You didn’t think they’d actually kill him, did you?
The last time we saw Jon Snow, he was lying lifeless in a pool of his own blood at Castle Black, that pretty bastard face of his frozen in shock after a band of Night’s Watchmen (and one snot-nosed Olly) stabbed him to death “for the Watch.” The newly elected Lord Commander had enlisted the help of the Wildlings in staving off the undead army marching south on the Wall—an unforgivable sin in Ser Alliser Thorne’s beady little eyes.
The serial murderers (directors, producers) behind Game of Thrones have used every opportunity since the Season 6 finale to swear up and down that, no, really, Jon Snow is dead. Didn’t you see the blood? He’s “deader than dead,” guys! But the more the show’s makers protest, the more audiences intuit: Yeah, that fucker’s not really dead. No one’s buying this. Please stop.
The latest piece of evidence comes straight from Belfast, where actor Kit Harington (who plays Snow) was reportedly seen disembarking from a London flight with fellow Game of Thrones actor Tom Wlaschiha (who plays Jaqen H’ghar, Arya’s Faceless Man). Fan site Watchers on the Wall received a tip and photos from a reader who claims she was on the plane with the actors. Sure enough, there’s Harington at a Belfast airport, rugged leather luggage and immaculate man-bun in tow. (He still hasn’t cut those Snow-y locks off yet, despite griping about HBO’s hair mandate every chance he gets. How mysterious.)
Filming for the show’s sixth season began this week in Belfast, where scenes at the Wall and Winterfell are often shot. Harington himself insisted to Entertainment Weekly that series creators David Benioff and D.B. Weiss gave him the dreaded “Tony Soprano walk” before filming the season finale: “I’ve been told I’m dead,” he said. “I’m dead. I’m not coming back next season.” But then what’s he doing in Belfast? And what about Season 7, the last planned for the show? Surely the show’s writers didn’t drop those massive “R+L=J” hints about Snow’s parentage for nothing.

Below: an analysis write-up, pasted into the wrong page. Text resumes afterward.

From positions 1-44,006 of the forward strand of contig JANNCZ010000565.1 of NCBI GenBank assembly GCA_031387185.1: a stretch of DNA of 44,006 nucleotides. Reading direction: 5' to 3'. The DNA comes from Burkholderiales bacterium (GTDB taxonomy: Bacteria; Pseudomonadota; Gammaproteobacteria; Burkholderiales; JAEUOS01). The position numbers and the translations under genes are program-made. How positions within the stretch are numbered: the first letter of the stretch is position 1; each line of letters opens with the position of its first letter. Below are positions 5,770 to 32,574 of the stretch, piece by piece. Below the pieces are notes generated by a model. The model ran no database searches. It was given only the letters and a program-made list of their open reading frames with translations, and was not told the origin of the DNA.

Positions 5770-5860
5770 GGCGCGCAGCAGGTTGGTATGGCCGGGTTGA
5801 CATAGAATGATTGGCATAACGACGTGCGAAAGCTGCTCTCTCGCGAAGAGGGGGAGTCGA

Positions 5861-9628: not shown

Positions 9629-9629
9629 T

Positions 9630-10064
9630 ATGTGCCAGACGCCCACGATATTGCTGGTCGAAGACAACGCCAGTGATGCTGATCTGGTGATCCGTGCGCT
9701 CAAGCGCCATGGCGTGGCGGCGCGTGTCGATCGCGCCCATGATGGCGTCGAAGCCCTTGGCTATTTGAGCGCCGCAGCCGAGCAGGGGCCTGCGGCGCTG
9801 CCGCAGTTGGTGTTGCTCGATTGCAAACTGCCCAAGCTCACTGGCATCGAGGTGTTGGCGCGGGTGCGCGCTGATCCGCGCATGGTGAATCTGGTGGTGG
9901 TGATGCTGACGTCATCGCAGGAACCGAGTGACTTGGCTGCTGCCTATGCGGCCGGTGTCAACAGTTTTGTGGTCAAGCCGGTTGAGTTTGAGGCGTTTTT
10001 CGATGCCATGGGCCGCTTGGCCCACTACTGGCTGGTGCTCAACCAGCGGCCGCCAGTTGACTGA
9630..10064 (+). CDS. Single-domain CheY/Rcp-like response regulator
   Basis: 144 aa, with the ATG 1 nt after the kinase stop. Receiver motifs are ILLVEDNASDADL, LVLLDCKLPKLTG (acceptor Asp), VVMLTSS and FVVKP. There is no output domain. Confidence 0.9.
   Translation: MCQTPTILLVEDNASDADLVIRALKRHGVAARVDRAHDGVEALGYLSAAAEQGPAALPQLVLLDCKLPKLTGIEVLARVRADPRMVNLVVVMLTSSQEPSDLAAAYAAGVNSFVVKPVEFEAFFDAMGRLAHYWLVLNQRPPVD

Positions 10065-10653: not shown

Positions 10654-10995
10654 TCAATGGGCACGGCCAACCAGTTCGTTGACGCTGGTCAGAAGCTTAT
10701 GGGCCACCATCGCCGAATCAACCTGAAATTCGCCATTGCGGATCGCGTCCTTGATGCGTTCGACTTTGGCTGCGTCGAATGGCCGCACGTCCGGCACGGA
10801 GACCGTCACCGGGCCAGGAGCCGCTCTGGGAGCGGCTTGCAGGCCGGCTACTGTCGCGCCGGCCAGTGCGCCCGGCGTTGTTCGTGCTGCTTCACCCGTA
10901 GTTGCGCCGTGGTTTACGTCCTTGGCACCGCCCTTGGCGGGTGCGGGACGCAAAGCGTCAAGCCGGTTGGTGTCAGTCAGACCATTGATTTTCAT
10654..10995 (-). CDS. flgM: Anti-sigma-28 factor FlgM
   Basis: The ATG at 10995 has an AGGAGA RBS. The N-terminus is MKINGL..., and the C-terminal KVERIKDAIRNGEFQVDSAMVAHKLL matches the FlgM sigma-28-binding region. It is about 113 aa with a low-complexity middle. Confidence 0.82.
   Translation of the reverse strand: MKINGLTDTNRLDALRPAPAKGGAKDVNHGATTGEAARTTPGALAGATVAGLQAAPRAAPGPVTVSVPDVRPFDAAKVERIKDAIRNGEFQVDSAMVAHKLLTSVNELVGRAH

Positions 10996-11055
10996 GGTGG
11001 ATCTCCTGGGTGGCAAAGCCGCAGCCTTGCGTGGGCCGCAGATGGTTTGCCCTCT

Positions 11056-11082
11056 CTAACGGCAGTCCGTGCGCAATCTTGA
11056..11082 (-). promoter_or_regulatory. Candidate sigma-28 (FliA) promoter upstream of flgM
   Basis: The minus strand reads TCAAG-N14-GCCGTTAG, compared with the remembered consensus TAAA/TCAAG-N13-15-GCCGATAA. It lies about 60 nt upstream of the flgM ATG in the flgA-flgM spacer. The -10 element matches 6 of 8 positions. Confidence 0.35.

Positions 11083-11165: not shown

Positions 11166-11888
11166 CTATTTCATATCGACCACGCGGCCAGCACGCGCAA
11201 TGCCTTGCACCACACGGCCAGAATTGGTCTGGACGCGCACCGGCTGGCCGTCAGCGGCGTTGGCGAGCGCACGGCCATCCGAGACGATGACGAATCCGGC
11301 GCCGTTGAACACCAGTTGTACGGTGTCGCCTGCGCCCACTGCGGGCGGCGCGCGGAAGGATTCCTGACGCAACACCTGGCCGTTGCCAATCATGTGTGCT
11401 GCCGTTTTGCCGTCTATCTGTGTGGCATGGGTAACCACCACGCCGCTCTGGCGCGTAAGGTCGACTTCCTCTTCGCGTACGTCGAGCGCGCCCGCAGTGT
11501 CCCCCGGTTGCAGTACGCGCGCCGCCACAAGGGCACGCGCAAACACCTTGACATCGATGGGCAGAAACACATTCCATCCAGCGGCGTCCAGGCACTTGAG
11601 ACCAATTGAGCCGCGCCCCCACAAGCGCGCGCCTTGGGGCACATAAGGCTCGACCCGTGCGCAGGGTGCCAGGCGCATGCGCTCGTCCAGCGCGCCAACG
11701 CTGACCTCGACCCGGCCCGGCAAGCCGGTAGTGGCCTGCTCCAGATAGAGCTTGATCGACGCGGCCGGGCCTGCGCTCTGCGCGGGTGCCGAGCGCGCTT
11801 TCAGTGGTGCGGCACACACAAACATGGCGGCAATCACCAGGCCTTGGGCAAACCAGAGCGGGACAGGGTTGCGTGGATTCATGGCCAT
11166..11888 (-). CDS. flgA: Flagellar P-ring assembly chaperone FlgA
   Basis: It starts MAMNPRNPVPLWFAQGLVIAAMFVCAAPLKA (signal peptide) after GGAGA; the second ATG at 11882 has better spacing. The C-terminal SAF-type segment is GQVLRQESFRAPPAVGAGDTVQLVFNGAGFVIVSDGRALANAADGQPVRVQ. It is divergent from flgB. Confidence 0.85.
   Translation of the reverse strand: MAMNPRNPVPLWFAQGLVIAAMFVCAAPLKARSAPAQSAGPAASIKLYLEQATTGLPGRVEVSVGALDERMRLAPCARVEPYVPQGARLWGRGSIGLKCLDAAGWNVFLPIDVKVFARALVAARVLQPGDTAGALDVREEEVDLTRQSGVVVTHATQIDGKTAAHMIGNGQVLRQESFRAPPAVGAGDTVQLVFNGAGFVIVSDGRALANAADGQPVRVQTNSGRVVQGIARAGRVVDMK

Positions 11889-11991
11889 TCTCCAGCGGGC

There may actually already be an answer to that last question. Fans on Twitter caught wind last week of a particularly portentous shooting location in Spain: the Castillo de Zafra, an isolated castle that looks an awful lot like the Tower of Joy. Book readers know the Tower of Joy as the place where the final battle in Robert’s Rebellion took place—the war in which the Baratheons and Lannisters dethroned the Targaryens. Ned Stark returned home to Winterfell after the war with baby Jon, supposedly borne by “some tavern slut,” as dearly departed Selyse put it.
(Potentially spoiler-y speculation: This is also the location where Lyanna Stark, Ned’s sister and Snow’s suspected mother, died after her lover Rhaegar Targaryen was squashed by Robert’s warhammer. If the show includes the Tower of Joy in a flashback, it would likely, finally, settle the question of who Snow’s parents are. Why put us through that if the bastard’s staying dead anyway?)
There are a few other ways Snow could come back to life: Melisandre could channel the Lord of Light and revive him a la Thoros of Myr, who’s brought Beric Dondarrion back no less than six times. Or he could warg his way (like little brother Bran) into the body of his direwolf, Ghost. (There’s book evidence to support this theory too, with a particularly foreboding vision Melisandre sees in the flames.) Or he could just come back as an ice zombie, as dead bodies up North often do, and become the Night King’s right-hand man (the White Walker looked particularly interested in Jon during the battle of Hardhome, didn’t he?)
The point is this is a show where dragons are born from fire and blood and men who get almost chopped in half are miraculously revived by man-witches—there are lots of ways for things and to become magically alive. Just bring him back, Game of Thrones makers. You’ve made Obama sad.